Technically speaking, SDTV shouldn't look any different between LCD and Plasma. What will effect it is 1) the upscaler within the TV 2) the tuner used and signal strength (for broadcast stuff, doesn't affect DVDs) 3) the panel used. The first two are completelly independent of whether or not it's LCD or plasma and the third will also effect the HD picture quality, so if you get a TV that looks really good for HD stuff, as long as the upscaler is OK you should get a decent SD picture. The same is true of SD and ED inputs such the wii. I'm not saying that SD looks as good on all TVs, just that it is not dependent on being LCD or plasma.

    If you're thinking of it as an investment definitelly go for a 1080p set, as it makes no sense to invest in something to get better quality TV if it's not as good as it could be, especially if you have no fixed budget. At the moment most broadcast HDTV is either 720p or 1080i, but that is likelly to change in the not too distant future. Think how many years we had analogue TV. Then about 10 years ago we got digital TV. Now we have broadcast HDTV up to 1080i. How long do you think it will be before everything is 1080p or even higher? (well I say everything, but obviously not everything will be, as there will still be old repeats broadcast etc which they won't have on file in HD, but you get what I meen, like all currently recorded stuff, sports footage, movies etc.)
     
    Last edited: Jan 31, 2009
  5. Nielo TM

    Nielo TM
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    That's usually true, but this time around, it doesn't mean anything tbh


    1. You only have to wait ~2-3 months
    2. Neo-PDP's will offer far superior image quality with half the power consumption compared to today's mainstream PDPs.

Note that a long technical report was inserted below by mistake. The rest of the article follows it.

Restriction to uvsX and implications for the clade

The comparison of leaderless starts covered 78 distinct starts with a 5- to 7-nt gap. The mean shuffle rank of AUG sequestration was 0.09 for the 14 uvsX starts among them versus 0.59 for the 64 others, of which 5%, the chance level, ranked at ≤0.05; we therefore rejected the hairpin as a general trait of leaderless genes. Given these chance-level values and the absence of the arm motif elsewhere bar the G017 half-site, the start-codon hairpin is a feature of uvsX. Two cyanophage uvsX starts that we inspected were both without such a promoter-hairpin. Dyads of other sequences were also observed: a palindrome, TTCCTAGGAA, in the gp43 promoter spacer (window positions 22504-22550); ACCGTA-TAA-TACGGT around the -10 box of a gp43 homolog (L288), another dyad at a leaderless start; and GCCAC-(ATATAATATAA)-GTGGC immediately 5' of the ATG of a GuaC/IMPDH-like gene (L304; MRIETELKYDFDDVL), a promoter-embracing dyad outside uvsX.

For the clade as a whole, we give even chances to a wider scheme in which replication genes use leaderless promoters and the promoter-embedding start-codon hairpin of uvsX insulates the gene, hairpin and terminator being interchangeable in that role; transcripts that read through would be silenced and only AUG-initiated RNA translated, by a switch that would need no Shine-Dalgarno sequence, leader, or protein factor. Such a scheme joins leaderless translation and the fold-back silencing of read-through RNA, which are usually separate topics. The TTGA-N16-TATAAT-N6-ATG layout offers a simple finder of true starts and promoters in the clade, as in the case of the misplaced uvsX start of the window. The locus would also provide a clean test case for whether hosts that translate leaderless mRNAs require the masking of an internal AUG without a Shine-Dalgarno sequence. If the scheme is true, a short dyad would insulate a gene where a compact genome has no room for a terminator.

3. Sony and Samsung will be introducing several new features to their range such as standardizing 10bit and 120Hz processing to the semi-mid-range, redesigned (unified) GUI (Samsung) etc...


    IMO, it's better to wait than to be sorry.
     
    Last edited: Feb 1, 2009
  6. Nielo TM

    Nielo TM
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    When it comes to motion-captured-videos, it's virtually impossible to maintain perfect accuracy on every frame. In other words, not every pixel is utlized due to various factors (e.g. focus, lens quality, weather, CCD/CMOS/film quality etc...

    The only content that will utilize every pixel of a given res is CGI. So you'll notice improvements on true 1080p games and CGI movies (provided the mastering is done entirely in the digital realm)

    Actually, plasma is superior when displaying SD/ED contents due to the tech and pixel structure (720 and 768p).

    All UK based broadcasting are in 1080i50 (AVC/H.264 TS) and it's not going to change for a very long time, and may remain that way until broadcasting is no more.

    Without going into too much detail, it has to do with two major factors: average screen size and level of compression.


    PS: 1080i25 is actually 1080p25 (if done correctly)
     
  7. Qactuar

    Qactuar
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    What are the projected prices for these new panels and do you anticipate current panels (as I see already in limited supply), being slashed as a result?
    What about Pioneer and Panasonic? At present, I believe these two brands are meant to be the 'better' panels for plasma; Are the new features for Sony and Samsung in relation to LCD perchance?

    Again, I am sorry for all the questions, but I need to learn - fast!

    Alphathons post was surprising to be honest, as I was always under the impression that plasma would be the logical choice given my situation. Of course, 1080p would be great, all signs seem to point to "not needed", which is a bit strange for me, considering that 'bigger is better' has always been an important factor over the years.
     
  8. Nielo TM